Empty downtown streets and historical buildings in Custer, South Dakota
Downtown Custer, South Dakota. Image credit EQRoy via Shutterstock

Founded in 1875 in South Dakota’s Black Hills region, Custer is a town steeped in history. Established by General George Custer just after the Black Hills Gold Rush started, Custer’s historical roots run deep. Highlights include the 1881 Courthouse Museum, a former county courthouse that features exhibits and collections showcasing the lives of early settlers, Native American culture, and the geological significance of the Black Hills.

You’ll want to include Custer State Park on your South Dakota travel itinerary. In addition to its stunning scenery and diverse wildlife, the park’s historical significance is on display at the State Game Lodge, built in 1920, and the "Summer White House" for President Calvin Coolidge in 1927 (President Dwight D. Eisenhower later visited it). Just outside Custer lies the Crazy Horse Memorial, a tribute to the famed Oglala Lakota warrior, while the famous Mount Rushmore is a 45-minute drive away.


Overlooking Huron, South Dakota at sunrise.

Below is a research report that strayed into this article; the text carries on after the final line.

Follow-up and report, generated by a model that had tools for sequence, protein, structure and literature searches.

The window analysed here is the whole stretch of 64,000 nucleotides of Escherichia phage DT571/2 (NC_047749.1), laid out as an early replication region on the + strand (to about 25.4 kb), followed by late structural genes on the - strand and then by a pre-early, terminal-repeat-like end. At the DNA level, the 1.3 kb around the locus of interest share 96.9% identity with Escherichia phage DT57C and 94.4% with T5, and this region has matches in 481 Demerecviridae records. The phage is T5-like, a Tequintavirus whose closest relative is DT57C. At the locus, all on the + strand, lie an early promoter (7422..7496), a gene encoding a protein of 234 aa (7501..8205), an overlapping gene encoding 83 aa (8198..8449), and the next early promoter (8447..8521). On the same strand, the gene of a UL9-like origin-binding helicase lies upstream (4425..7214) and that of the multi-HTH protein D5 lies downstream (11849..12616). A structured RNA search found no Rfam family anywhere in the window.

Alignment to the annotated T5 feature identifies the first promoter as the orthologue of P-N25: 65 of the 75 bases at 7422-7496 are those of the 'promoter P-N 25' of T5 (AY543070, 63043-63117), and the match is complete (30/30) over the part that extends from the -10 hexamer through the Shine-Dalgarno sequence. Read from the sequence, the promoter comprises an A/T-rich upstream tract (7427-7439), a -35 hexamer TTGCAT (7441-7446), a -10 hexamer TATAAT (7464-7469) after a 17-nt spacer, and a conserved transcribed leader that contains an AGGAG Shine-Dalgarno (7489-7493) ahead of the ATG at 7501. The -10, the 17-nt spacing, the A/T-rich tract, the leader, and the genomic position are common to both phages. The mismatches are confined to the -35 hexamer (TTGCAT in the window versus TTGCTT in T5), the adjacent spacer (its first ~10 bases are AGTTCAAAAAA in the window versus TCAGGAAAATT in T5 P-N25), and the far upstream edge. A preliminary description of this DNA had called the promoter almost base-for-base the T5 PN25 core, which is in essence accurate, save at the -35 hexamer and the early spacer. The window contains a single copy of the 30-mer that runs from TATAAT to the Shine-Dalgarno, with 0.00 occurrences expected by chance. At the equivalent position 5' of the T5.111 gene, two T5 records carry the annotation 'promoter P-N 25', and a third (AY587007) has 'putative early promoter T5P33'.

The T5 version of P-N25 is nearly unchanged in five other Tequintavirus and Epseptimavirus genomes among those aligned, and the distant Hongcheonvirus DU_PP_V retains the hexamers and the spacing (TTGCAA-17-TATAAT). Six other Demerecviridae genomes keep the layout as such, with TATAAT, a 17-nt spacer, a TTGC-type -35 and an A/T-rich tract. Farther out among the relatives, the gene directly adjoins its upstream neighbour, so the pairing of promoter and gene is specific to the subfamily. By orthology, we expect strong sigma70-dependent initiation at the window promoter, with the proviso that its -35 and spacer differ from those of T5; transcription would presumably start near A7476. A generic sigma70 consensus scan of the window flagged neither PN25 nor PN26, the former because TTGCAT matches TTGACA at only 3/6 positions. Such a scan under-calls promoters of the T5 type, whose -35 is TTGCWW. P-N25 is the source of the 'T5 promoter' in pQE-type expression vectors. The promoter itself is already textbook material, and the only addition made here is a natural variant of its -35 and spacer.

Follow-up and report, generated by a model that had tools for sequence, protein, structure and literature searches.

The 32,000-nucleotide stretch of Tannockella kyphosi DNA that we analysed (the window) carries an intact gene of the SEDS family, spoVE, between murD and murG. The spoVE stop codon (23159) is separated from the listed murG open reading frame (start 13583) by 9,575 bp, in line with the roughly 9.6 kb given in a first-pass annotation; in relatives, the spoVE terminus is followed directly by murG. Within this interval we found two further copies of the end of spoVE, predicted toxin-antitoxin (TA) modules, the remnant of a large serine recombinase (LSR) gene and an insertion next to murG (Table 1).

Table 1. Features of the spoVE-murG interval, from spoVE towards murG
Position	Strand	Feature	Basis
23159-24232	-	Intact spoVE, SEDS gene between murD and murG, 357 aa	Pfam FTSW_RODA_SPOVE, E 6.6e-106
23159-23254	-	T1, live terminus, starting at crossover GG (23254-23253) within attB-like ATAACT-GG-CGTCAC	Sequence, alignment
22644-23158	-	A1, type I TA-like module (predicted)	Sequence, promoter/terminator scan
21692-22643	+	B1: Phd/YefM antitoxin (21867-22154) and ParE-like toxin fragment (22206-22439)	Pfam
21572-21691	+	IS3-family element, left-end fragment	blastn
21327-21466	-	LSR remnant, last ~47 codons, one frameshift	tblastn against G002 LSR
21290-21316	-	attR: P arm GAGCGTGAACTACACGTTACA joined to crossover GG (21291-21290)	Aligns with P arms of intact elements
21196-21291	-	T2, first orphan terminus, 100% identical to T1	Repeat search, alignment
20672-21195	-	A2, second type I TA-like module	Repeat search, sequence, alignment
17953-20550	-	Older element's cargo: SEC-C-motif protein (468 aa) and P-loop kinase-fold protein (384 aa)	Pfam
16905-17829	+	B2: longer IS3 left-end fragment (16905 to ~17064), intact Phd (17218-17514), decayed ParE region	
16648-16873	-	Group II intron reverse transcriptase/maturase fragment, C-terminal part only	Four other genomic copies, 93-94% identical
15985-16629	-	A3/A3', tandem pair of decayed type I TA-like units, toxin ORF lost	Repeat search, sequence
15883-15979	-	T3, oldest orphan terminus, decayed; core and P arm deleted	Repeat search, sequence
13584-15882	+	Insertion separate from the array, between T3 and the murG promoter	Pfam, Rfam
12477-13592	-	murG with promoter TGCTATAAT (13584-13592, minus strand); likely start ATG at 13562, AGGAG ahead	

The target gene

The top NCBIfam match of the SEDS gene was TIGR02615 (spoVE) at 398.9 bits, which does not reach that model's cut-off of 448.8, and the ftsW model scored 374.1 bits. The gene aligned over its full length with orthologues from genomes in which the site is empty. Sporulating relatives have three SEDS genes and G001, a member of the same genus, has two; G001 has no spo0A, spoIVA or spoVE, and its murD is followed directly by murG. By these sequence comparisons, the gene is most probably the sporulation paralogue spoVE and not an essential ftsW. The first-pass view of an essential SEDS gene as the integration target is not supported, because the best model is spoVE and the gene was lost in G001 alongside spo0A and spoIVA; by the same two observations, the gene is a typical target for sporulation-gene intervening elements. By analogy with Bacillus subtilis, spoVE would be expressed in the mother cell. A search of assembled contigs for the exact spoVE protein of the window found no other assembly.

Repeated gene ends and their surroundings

Overlooking downtown Huron, South Dakota.

Emerging as a key railroad town in the late 19th century, Huron was founded in 1883 on the state’s eastern plains and soon became a vital hub for trade and transportation across South Dakota. Downtown is where you’ll find an impressive collection of buildings dating from the early 1900s, including Grace Episcopal Church, or Stone Church; the Hattie O. and Henry Drake Octagon House; and Pyle House, now the site of an interesting museum dealing with women’s rights.

Huron is also home to one of the country’s oldest fairgrounds, the South Dakota State Fairgrounds, established in 1885, and the Dakotaland Museum, with exhibits ranging from Native American artifacts to pioneer memorabilia.


Historic downtown Yankton at the corner of 3rd and Walnut Streets in Yankton
Historic downtown Yankton, South Dakota. Image credit Nagel Photography via Shutterstock

Yankton’s establishment on the banks of the Missouri River in 1869 saw the town quickly become an important river port. The region’s history, however, goes much further back as a number of early Native American tribes also settled here, facts that were discovered in 1806 during the Lewis and Clark Expedition’s exploration of the West.

The Yankton College Historic District is a must-visit and features a number of structures that once belonged to the old college, the first institution of higher learning in the Dakota Territory. Try to squeeze in a visit to the Meridian Bridge. The first bridge to cross the Missouri River in the region, this unique double-decker structure was built in 1924 for cars and trains but is now used solely by pedestrians and cyclists.